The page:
Maybe the article was a bit like this.
Why boycott of Israel is necessary
Sir: Howard Jacobson's latest tirade against those who advocate an academic boycott of Israeli institutions exemplifies a prominent and recurrent feature of such criticisms (14 July). He says little or nothing about the Palestine-Israel situation. He ignores the motivations of the boycott, which originate in Israel's violations of international law, infringements of Palestinians' human rights, and the 40 years' oppression of the population of the Occupied Territories. Instead of confronting the advocates' case he misrepresents them, without distinction, as accusing "Israel of every known crime against humanity" and encourages his readers to see in that the signs of anti-Semitism.
Those who advocate the boycott are not insensitive to the importance of academic freedoms but they give higher priority to the rights to life and livelihood and believe that public opinion must find ways of actively and effectively opposing those policies of Israel which perpetuate oppression.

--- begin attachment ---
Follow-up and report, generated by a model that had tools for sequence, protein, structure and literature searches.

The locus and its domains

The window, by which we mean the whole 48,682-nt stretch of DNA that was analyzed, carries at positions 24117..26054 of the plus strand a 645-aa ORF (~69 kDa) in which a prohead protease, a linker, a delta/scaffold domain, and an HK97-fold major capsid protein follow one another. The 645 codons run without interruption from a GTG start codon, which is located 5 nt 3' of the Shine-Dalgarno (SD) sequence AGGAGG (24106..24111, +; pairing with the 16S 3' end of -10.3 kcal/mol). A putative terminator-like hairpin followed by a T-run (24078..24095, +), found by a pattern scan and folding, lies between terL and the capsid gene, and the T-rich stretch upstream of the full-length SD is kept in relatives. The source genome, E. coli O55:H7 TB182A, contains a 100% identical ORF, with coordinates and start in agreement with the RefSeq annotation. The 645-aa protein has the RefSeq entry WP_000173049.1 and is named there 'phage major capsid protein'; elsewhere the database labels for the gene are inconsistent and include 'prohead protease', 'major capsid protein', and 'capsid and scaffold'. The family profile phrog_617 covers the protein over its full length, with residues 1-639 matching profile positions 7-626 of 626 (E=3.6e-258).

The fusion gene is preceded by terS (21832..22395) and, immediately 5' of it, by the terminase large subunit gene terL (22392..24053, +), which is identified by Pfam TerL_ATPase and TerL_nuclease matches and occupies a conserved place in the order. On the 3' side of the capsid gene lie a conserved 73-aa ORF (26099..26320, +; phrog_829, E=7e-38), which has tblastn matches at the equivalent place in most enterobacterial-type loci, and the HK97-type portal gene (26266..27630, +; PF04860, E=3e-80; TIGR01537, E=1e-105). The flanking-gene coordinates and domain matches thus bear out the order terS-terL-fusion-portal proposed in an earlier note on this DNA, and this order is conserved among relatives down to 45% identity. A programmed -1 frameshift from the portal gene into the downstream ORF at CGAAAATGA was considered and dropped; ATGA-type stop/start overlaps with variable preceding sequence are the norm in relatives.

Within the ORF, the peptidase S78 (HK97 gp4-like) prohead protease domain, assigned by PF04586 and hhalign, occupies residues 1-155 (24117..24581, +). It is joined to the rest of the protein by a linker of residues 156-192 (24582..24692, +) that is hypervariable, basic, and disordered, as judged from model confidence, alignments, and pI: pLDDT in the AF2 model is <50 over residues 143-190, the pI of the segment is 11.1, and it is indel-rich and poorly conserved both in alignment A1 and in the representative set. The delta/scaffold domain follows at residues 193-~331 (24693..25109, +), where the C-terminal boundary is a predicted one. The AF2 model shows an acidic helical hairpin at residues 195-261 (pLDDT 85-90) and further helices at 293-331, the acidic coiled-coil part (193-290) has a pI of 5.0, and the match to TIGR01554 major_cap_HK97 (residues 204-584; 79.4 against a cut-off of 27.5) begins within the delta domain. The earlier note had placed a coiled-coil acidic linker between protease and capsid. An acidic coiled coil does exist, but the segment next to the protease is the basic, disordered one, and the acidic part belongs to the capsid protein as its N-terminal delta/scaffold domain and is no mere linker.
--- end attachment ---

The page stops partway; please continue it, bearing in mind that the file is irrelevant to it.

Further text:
If the critics, who make passing reference to not supporting the Israeli occupation, were to show that they actually oppose it and were to present alternatives to the boycott, then they could be taken seriously. Otherwise they appear only as apologists for Israel.
July 18, 2007
Anti-boycotters apologists for Israel
I didn't see the Howard Jacobson article that prompted this letter to the Independent and I can't be bothered to look for it but maybe we can hazard a guess by what this correspondent had to say: